Turkey’s Kurds Propose Model for ‘Democratic Autonomy’

DIYARBAKIR, Turkey (Hurriyet Daily News)—An influential Kurdish organization in Turkey has called for the establishment of “democratic autonomy” for Turkey’s embattled Kurdish minority.

The Democratic Society Congress (DTK), which describes itself as a local organization of Kurds in eastern Turkey, presented the first comprehensive draft of its “Democratic Autonomous Kurdistan Model” model at a conference in Dyiarbakir on Sunday of key pro-Kurdish figures that included prominent academics and journalists.

The DTK said the draft is meant to be a text to be debated and that its eventual adoption could be a crucial step in solving the decades-old Kurdish issue in Turkey.

Although the scope of the model is as wide as an independent state, as critics of the draft said, the DTK emphasized that it neither wants to demolish the Turkish state, nor wants an independent state. A stateless model is what the draft highlights.

According to the draft, the proposed autonomous model would organize the Kurdish minority into “political, economic, cultural, social, diplomatic, legal, ecological and self-defense” branches.

“Democratic autonomy aims to democratize the [Turkish] Republic, changing the rigidity of the nation-state that does not satisfy the needs of the people of Turkey while also eliminating the impediment that the nation-state creates in front of the political, social, economic and cultural development of the people,” the draft read.

Attendees discussing the draft at the conference included daily Hurriyet columnist Nuray Mert; academic Zeynep Gambetti; former National Intelligence Organization (MIT), Deputy Undersecretary Cevat Ones; journalists Cengiz Candar, Kadri Gursel, Ahmet Insel and Ayhan Bilgen; and mayors from the pro-Kurdish Peace and Democracy Party (BDP). DTK co-heads Ahmet Turk and Aysel Tugluk, and BDP President Selahattin Demirtas were also among the attendees.

According to the DTK draft, the model will be administered at the grassroots level, through “village communes, town councils, district and neighborhood assemblies and city assemblies,” all of which will be represented in an upper body named the “Society Congress.”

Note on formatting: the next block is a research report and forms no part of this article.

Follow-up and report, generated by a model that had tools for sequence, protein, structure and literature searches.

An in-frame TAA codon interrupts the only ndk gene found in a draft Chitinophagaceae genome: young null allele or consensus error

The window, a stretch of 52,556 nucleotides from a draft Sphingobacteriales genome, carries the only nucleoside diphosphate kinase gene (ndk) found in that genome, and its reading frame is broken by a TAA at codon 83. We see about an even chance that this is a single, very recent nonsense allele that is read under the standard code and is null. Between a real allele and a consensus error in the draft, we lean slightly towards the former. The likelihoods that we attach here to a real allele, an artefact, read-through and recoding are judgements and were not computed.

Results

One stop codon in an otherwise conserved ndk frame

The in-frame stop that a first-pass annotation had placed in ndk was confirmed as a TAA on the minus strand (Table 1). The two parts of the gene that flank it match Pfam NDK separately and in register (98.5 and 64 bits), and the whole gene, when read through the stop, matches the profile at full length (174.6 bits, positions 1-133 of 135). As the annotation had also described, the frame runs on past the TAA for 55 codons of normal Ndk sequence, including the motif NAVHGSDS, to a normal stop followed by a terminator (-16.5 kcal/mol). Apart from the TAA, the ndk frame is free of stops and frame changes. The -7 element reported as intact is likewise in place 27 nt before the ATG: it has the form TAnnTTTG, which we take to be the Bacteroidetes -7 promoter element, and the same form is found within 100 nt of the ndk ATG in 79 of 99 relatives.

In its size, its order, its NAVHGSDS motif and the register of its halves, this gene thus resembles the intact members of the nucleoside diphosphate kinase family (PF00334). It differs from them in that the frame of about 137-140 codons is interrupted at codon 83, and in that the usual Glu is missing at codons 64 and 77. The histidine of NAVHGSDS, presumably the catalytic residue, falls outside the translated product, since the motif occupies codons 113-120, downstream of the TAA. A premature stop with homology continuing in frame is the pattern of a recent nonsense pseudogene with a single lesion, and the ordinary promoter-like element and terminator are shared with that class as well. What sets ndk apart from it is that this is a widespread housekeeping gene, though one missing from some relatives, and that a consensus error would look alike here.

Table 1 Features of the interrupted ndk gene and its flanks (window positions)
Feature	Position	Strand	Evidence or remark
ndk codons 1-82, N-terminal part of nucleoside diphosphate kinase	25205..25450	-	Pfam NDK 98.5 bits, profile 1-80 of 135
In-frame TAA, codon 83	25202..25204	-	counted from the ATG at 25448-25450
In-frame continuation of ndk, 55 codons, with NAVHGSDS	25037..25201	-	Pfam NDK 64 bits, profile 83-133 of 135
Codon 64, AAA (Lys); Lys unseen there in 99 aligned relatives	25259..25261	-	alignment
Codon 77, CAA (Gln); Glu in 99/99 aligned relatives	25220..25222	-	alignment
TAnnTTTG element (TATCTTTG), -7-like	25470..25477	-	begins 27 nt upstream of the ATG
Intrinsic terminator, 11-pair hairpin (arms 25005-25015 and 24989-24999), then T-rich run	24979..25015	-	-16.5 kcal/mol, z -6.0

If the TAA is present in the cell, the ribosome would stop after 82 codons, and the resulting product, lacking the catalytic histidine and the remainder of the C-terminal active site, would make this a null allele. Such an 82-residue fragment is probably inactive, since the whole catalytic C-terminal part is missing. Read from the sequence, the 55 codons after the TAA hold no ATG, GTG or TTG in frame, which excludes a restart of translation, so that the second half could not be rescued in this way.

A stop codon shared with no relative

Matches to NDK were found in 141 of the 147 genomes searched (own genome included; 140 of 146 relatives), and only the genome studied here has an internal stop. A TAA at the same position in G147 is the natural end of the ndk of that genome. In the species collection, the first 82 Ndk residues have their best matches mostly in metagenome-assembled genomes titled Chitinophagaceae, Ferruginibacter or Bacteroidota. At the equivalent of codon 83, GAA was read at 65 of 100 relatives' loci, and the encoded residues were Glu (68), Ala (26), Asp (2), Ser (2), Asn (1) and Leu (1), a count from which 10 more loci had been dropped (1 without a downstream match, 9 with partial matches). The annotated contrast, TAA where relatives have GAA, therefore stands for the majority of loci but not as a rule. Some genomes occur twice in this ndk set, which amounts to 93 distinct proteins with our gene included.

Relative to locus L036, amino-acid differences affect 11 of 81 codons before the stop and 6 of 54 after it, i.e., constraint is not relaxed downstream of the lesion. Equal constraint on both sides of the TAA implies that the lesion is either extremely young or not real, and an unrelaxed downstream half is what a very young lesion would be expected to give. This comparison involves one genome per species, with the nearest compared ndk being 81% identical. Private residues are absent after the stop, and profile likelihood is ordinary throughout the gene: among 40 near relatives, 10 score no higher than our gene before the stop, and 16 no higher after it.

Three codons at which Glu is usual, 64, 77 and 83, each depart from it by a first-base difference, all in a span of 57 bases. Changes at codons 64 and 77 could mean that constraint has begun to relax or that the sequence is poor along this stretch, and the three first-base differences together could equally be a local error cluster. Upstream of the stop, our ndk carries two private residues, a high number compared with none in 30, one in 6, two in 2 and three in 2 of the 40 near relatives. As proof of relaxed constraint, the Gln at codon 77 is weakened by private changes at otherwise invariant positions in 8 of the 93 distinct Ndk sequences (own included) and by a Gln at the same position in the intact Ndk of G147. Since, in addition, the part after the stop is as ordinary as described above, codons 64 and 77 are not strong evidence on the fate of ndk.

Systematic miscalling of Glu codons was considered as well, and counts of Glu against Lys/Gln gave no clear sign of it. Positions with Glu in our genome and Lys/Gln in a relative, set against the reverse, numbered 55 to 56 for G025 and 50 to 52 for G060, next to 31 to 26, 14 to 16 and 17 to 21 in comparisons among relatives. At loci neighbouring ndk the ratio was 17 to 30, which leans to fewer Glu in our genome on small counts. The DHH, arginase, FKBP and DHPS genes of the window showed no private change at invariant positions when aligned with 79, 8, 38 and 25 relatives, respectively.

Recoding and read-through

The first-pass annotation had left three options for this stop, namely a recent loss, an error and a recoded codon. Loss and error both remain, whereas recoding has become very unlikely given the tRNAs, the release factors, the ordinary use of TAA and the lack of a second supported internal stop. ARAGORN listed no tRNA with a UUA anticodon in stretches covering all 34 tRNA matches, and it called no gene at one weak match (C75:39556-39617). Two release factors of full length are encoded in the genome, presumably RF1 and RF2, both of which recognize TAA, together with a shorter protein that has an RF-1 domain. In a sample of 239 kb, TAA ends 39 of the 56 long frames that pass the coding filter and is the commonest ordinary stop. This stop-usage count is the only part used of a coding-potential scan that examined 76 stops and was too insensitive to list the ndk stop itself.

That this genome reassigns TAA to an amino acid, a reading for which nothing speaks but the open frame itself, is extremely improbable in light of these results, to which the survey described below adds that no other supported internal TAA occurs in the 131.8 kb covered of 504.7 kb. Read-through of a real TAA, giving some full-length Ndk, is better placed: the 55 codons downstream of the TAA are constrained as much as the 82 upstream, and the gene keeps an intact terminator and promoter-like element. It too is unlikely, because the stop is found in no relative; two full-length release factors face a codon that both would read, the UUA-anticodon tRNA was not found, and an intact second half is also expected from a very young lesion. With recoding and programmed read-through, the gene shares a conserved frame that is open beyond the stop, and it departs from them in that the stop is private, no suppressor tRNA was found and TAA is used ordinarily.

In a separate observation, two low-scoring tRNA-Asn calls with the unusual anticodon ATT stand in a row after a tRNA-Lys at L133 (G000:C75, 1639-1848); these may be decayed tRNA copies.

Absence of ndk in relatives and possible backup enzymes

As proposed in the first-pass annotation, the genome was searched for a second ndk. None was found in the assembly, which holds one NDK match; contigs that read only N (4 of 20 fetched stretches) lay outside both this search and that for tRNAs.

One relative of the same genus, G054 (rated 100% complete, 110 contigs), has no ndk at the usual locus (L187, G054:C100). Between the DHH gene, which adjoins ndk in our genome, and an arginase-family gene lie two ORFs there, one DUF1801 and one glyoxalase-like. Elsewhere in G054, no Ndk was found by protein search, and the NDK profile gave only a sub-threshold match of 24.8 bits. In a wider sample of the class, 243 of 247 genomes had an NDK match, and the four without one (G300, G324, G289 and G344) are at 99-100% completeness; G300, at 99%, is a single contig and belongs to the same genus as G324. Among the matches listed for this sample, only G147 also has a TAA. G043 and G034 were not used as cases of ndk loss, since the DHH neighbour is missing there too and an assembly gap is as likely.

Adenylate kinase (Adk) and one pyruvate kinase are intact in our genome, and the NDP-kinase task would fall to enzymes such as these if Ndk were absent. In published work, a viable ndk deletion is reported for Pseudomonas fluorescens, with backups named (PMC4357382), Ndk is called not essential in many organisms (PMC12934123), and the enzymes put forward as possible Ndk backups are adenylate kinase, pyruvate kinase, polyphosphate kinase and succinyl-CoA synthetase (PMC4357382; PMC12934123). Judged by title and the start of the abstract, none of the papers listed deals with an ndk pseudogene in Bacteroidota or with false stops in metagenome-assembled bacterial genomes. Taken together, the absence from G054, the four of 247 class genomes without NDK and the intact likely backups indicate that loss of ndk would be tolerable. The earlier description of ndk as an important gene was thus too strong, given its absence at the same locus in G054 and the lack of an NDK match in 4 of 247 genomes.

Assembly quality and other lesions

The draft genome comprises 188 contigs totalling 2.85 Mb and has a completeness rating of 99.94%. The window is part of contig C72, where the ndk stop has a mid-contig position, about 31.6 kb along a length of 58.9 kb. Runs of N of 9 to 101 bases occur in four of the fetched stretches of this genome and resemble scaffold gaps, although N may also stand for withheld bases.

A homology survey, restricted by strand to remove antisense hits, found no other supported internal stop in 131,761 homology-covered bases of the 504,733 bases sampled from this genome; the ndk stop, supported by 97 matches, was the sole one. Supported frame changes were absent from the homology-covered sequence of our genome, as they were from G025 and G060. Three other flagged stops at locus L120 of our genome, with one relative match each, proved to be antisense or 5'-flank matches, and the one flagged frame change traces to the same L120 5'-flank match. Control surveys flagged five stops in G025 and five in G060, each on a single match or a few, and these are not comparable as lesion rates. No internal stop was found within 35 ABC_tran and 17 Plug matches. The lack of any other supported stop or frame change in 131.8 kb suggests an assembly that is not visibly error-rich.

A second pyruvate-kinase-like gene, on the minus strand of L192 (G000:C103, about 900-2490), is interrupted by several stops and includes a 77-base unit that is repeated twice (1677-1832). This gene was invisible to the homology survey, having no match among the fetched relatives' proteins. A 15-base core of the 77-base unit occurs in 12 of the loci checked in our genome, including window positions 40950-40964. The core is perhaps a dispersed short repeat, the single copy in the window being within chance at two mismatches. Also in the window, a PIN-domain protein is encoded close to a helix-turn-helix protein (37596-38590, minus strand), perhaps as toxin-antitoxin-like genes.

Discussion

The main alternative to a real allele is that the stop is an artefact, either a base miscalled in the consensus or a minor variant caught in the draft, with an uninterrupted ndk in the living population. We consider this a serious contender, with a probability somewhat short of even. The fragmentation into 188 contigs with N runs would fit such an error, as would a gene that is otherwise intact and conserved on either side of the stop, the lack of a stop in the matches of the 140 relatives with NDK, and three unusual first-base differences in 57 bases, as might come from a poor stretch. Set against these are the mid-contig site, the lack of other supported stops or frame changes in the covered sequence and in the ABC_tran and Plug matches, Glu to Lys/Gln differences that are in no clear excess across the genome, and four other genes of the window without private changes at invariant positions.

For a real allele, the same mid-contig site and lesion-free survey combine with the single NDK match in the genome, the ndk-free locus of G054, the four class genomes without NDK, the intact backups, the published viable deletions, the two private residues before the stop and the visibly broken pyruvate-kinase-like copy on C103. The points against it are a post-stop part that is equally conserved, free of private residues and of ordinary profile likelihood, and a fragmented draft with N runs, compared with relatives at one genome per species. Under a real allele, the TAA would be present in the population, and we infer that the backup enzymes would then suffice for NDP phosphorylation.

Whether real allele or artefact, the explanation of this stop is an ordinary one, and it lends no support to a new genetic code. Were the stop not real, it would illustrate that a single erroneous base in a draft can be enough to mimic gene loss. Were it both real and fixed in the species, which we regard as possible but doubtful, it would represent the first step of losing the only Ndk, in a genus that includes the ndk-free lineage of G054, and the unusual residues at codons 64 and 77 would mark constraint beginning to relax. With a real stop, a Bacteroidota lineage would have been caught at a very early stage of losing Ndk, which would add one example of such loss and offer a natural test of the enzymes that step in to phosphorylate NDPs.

“Democratic autonomy would not cause a changing of borders but within those borders it would make stronger the fraternity and unity of people,” the draft said, adding that it would start a new period for Kurdish-Turkish relations with “a new contract between Turkey and the Kurds.”

The conference took place as a grenade explosion Sunday in Diyarbakır’s Silvan district raised tensions in the area. According to Dogan news agency, a hand grenade exploded during a march against military operations that was attended by thousands of people. Five people, including two girls, were wounded, the agency said. Abdullah Eflatun, the provincial leader of the BDP in Silvan, claimed the hand grenade was thrown into the crowd by police officers. Following the explosion, demonstrators clashed with police, who used pressurized water and teargas to disperse the crowd.


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  1. Armanen said:

    Nice idea but official ankara is not going to take it. If kurds want freedom they will either have to move to another country or fight for it. Might and force are the only two languages that turks comprehend.

    • ARN. said:

      EXACTLY !!!.

      Nice idea but official ankara is not going to take it.


      If kurds want freedomIf kurds – they wil l- have to-fight for it.


      Might and force are the only two languages that turks comprehend.

      – EXACTLY !!!.

      Arn of Sweden.

    • Armanen said:

      That’s the catch-22 for Armenians. A large chunk of what kurds call kurdistan is actually Western Armenia, which itself is a large part of modern eastern turkey.

      The ideal situation is for the two to go at it and Armenia to pick up the pieces :)

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